City Lights, Dragons in ‘sudden death’

THE two best men’s teams in Gisborne club basketball will be confirmed tonight.

Defending champions City Lights and the Dragons play a semifinal at the YMCA at 6.30pm to decide who will play Old School in the final.

That game will be preceded by a game between Gisborne Boys’ High School and Lytton High School at 5.45pm, and followed by the playoff for fifth between Gisborne Boys’ High and SE Systems at 7.30pm. The playoff for seventh spot between Pure Sound and Campion College will be at 8.30pm.

Tomorrow night in the women’s league, Campion College will play Gisborne Girls’ High at 5.45pm, with Paikea playing Hearty at 6.30pm and Lytton meeting Ngati Porou at 7.30pm. The men’s minor final between fourth-placed East Coast and the loser of tonight’s semifinal will be played at 8.30pm.

The teams in tonight’s semifinal will need to play with both despertion and composure to advance to the grand final.

Until Week 6, three teams were locked at the top of the table — Old School, City Lights and the Dragons.

City Lights beat the Dragons 56-38. Seven days later, City Lights and Old School drew 53-all.

The Dragons will have experience on their side in veteran Bronson Te Hau, a thoughtful captain in Keenan Ruru-Poharama and the league’s tallest player in Jasper Wills plus such proven commodities as Te Ahi Te Hau-Otene and Te Angi Te Hau.

Were Ray Noble to turn out for the Dragons this evening, they would be twice as competitive at both ends of the floor.

The Dragons have the raw material to win a knockout game but City Lights skipper Scott Muncaster is supremely confident.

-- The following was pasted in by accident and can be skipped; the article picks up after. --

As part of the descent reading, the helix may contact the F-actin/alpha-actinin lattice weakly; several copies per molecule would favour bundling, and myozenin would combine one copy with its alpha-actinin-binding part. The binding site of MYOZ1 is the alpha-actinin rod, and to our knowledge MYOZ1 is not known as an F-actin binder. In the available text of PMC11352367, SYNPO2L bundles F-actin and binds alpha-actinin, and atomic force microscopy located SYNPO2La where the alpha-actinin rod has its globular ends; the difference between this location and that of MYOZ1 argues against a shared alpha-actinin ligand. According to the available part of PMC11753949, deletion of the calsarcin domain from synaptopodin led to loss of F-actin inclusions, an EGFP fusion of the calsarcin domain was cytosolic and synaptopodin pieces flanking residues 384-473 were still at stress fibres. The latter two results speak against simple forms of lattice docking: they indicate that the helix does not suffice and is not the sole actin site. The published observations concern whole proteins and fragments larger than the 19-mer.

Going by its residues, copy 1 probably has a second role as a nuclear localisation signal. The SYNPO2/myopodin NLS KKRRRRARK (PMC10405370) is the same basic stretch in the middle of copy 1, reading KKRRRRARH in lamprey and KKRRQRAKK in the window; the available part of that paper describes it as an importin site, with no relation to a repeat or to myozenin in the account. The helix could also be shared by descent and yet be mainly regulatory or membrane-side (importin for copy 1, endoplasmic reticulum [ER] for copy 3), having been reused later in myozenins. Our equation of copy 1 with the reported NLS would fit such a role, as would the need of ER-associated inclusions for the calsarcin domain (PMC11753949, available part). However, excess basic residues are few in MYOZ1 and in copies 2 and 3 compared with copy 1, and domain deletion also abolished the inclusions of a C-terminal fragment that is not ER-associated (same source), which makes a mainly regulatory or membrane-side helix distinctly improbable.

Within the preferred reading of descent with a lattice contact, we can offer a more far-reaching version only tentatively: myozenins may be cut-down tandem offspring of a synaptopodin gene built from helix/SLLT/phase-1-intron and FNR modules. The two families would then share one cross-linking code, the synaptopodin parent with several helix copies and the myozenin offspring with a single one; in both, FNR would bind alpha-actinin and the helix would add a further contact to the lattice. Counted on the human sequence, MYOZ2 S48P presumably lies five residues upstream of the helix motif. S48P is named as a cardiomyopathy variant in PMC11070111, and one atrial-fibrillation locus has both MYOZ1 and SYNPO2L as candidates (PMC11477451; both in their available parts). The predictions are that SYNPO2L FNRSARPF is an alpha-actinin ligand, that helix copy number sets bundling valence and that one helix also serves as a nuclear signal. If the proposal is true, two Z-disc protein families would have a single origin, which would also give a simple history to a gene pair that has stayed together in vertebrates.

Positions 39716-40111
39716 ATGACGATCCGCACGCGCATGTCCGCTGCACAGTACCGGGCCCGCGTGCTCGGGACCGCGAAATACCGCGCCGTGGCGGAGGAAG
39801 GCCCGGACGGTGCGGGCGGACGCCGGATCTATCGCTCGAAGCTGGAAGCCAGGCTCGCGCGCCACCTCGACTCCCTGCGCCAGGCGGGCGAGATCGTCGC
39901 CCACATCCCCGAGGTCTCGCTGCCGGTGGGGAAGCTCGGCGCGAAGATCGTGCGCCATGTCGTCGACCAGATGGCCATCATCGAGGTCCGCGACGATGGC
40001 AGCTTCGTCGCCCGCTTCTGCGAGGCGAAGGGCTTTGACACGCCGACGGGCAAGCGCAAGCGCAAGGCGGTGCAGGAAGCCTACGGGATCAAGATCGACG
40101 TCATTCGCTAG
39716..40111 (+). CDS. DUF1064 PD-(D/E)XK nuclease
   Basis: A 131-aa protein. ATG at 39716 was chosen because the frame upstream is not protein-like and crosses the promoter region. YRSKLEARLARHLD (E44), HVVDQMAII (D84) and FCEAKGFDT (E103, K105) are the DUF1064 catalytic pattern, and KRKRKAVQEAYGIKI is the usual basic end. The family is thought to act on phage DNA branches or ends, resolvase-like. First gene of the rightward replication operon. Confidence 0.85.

“We know how good we can be,” he said.

“I don’t count my chickens before they hatch but I can state now that we’ll show up, go hard from the tip and leave it all out on the floor.”

City Lights’ 54-51 win against Boys’ High a fortnight ago stung the defending champions, who — like the Dragons — are now at full strength.

Regardless of the result, what awaits the winner of semi No.2 — a final against Old School — is an enormous challenge.

THE two best men’s teams in Gisborne club basketball will be confirmed tonight.

Defending champions City Lights and the Dragons play a semifinal at the YMCA at 6.30pm to decide who will play Old School in the final.

That game will be preceded by a game between Gisborne Boys’ High School and Lytton High School at 5.45pm, and followed by the playoff for fifth between Gisborne Boys’ High and SE Systems at 7.30pm. The playoff for seventh spot between Pure Sound and Campion College will be at 8.30pm.

Tomorrow night in the women’s league, Campion College will play Gisborne Girls’ High at 5.45pm, with Paikea playing Hearty at 6.30pm and Lytton meeting Ngati Porou at 7.30pm. The men’s minor final between fourth-placed East Coast and the loser of tonight’s semifinal will be played at 8.30pm.

The teams in tonight’s semifinal will need to play with both despertion and composure to advance to the grand final.

Until Week 6, three teams were locked at the top of the table — Old School, City Lights and the Dragons.

City Lights beat the Dragons 56-38. Seven days later, City Lights and Old School drew 53-all.

The Dragons will have experience on their side in veteran Bronson Te Hau, a thoughtful captain in Keenan Ruru-Poharama and the league’s tallest player in Jasper Wills plus such proven commodities as Te Ahi Te Hau-Otene and Te Angi Te Hau.

Were Ray Noble to turn out for the Dragons this evening, they would be twice as competitive at both ends of the floor.

The Dragons have the raw material to win a knockout game but City Lights skipper Scott Muncaster is supremely confident.

“We know how good we can be,” he said.

“I don’t count my chickens before they hatch but I can state now that we’ll show up, go hard from the tip and leave it all out on the floor.”

City Lights’ 54-51 win against Boys’ High a fortnight ago stung the defending champions, who — like the Dragons — are now at full strength.

Regardless of the result, what awaits the winner of semi No.2 — a final against Old School — is an enormous challenge.

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